Core-aligned lesson: Obey government

In the rush to align curriculum to the Common Core, Pearson came up with a real doozie: A third-grade lesson tells students that “the commands of government officials must be obeyed by all,” and that “the wants of an individual are less important than the well-being of the nation,” reports EAG News, which links to MinutemenNews.
lady liberty in shock
The unit on Abraham Lincoln and the Civil War – “Hold the Flag High” – doubles as an English assignment on possessive nouns. Students are told to make sentences “less wordy by replacing the underlined words with a possessive noun phrase.”

All six sentences are about the president.

It starts: “The job of a president is not easy.”

Students are supposed to write: “The president’s job is not easy.”

Problems start with the fourth sentence: “(The president) makes sure the laws of the country are fair.”

That’s the judicial branch’s job, notes EAG News.

The president – as head of the executive branch of our government – is only charged with administering the laws passed by Congress, the legislative branch.

The Pearson Education lesson leaves students with the mistaken idea that American presidents have king-like powers, a concept our Founding Fathers would find abhorrent.

The indoctrination continues with sentence five: “The commands of government officials must be obeyed by all.”

That’s a chilling concept, one that any constitutional attorney would be quick to take issue with.

Sentence six states: “The wants of an individual are less important than the well-being of the nation.”

Perhaps Mr. Spock would agree, but a constitutional lawyer might wonder what happened to the Bill of Rights.

Report: Textbooks boost Islam

Islam is presented positively — and inaccurately — in U.S. textbooks, charges a report by ACT! for America Education. It’s more “indoctrination than education,” says Brigitte Gabriel, the group’s president.

The report provides happy-think quotes from textbooks:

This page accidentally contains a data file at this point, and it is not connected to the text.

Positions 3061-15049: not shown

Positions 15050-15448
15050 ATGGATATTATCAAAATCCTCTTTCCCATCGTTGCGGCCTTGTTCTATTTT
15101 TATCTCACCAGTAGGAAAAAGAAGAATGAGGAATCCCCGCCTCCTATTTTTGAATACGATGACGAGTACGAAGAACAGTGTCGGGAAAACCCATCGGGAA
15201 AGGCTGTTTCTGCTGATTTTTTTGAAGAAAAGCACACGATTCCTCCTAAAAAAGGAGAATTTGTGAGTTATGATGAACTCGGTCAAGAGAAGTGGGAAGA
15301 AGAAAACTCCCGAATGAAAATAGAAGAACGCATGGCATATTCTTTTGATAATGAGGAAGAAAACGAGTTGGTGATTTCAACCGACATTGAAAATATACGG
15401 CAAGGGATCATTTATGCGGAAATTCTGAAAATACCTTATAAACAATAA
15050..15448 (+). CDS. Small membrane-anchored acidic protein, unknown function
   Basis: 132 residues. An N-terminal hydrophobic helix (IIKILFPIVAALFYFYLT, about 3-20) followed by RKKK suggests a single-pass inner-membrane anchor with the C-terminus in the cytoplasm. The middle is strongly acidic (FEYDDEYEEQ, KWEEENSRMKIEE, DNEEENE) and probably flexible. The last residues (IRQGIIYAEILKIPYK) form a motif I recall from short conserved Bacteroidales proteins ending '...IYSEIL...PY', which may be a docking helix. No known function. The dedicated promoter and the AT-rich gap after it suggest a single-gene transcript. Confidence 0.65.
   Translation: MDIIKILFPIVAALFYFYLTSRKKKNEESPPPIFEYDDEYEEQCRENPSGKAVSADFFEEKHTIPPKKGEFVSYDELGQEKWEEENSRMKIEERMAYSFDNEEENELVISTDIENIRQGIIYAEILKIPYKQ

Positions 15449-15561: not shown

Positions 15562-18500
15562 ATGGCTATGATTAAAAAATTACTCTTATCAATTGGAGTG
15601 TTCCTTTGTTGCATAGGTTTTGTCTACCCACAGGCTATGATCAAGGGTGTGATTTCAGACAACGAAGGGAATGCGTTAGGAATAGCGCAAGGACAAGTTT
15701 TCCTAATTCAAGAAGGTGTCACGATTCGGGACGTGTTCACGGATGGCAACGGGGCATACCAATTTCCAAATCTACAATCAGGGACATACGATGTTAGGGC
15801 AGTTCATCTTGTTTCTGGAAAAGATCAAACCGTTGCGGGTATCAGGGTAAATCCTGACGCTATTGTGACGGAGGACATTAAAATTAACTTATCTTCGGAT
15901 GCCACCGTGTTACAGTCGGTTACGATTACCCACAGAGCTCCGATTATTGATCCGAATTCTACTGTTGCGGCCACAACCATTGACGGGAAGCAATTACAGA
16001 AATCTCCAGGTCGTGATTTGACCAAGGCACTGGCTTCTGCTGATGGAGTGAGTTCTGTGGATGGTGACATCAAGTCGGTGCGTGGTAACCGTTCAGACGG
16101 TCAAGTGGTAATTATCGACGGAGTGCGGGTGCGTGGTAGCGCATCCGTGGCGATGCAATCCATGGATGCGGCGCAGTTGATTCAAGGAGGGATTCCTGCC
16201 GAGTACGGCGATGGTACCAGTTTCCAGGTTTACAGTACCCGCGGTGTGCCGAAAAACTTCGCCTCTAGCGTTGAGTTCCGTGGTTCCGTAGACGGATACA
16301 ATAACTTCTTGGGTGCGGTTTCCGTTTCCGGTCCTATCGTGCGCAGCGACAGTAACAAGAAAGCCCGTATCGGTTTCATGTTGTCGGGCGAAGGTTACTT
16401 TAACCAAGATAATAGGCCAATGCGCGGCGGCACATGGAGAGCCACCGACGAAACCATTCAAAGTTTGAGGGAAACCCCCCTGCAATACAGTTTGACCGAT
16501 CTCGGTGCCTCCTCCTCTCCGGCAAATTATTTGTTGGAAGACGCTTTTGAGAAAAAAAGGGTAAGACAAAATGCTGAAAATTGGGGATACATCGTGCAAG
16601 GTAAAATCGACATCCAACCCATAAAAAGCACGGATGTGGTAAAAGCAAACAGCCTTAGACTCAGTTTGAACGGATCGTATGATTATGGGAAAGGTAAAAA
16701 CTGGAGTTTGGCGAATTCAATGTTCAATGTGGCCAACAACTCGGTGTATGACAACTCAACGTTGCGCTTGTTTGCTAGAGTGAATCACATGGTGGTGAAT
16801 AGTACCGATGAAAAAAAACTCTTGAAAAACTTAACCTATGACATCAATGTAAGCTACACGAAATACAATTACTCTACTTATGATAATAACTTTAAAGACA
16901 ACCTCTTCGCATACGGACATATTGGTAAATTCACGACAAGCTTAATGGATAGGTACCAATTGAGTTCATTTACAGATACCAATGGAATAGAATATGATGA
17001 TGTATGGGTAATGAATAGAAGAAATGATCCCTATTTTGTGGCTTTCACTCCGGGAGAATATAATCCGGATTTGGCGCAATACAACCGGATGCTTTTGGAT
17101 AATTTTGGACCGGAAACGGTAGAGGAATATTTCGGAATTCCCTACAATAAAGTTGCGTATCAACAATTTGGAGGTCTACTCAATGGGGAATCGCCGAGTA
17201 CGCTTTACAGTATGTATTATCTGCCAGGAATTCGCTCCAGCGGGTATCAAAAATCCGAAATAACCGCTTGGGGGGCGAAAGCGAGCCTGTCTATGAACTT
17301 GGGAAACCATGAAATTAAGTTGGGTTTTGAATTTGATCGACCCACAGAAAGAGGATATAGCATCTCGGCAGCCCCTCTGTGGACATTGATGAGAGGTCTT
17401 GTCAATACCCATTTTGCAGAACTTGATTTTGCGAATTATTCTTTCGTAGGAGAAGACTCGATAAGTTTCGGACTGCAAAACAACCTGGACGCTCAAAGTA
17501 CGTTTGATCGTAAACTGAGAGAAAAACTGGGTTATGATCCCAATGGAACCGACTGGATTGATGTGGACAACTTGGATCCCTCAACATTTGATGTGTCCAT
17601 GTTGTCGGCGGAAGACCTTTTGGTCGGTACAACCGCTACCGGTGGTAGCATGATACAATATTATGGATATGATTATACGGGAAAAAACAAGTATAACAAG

“The Quran granted women spiritual and social equality with men.”

ACT! responds:  The Quran does not grant “social equality” to women. “Muslim women cannot divorce except in limited circumstance—men can divorce at any time for any reason—and the testimony of one man equals that of two women in legal proceedings.”

“In Medina, Muhammad…fashioned an agreement that joined his own people with the Arabs and Jews…These groups accepted Muhammad as a political leader.”

Response:  The Jews did not accept Muhammad as a leader. He “expelled two of the Jewish tribes and destroyed the third, beheading the men and selling the women and children into slavery.”

“Shari’a law requires Muslim leaders to extend religious tolerance to Christians and Jews.”

Response: “Shari’a law imposes a litany of burdens and restrictions on Christians and Jews, both in their daily lives and in the practice of their religions.”

“In the early eighth century, Islam became popular in the northwestern part of the Indian subcontinent.”

Response: Islam spread through conquest.

In addition, textbooks spend many pages on European slave traders, ignoring the role of Islamic slave traders, the report charges.

Textbook writers hate controversy. I’m sure they accentuate the positive when writing about any religion — but not to this extent.

Kindergarteners chant paean to Obama

As part of a Black History Month program, kindergarteners at Tipps Elemementary School in Houston were sent home with lyrics to a chant lauding Barack Obama, reports The Blaze. It includes “Barack Obama is the man” and “He’s our man, yes we can!” A note to teachers said students would be “required” to learn the chant, though the school claims only some students were chosen for the evening program and parents could refuse to sign a permission  form.

Joe “Pags” Pagliarulo, a syndicated radio host, publicized the chant after receiving a complaint from a parent. It’s fine to be proud that Obama is the first black president, but children shouldn’t be forced to “genuflect” before him, the radio host wrote in a letter to the principal.

“The Barack Obama Song,” which prioritizes rhyme over substance, does have a sort of North Korean enthusiasm for every aspect of our president’s life.

Who is our 44th President?
Obama is our 44th President
Who is a DC resident?
Obama is a DC resident
Resident, President

Who’s favorite team is the Chicago White Sox?
Obama’s favorite team is the Chicago White Sox
Who really thinks outside the box?
Obama really thinks outside the box
Outside the box, Chicago White Sox
Resident, President

Who really likes to play basketball?
Obama really likes to play basketball
Who’s gonna answer our every call?
Every Call, Basketball
Outside the box, Chicago White Sox
Resident, President

Who’s famous slogan is Yes we can?
Obams’s famous slogan is Yes we can
Who do we know is the man?
Barack Obama is the man
He’s our man, Yes we can!

And it goes on and on. I wonder how they get little kids to learn all that, even with a teacher doing the first line of every stanza.

In my kindergarten days, we’d never be asked to learn more than four lines. And our parents would have complained about a program in which public school students proclaimed:

We like Ike.
He took Allied Forces on a European hike.
He likes to play golf, but doesn’t bike.
Ike, hike, bike
We like Ike.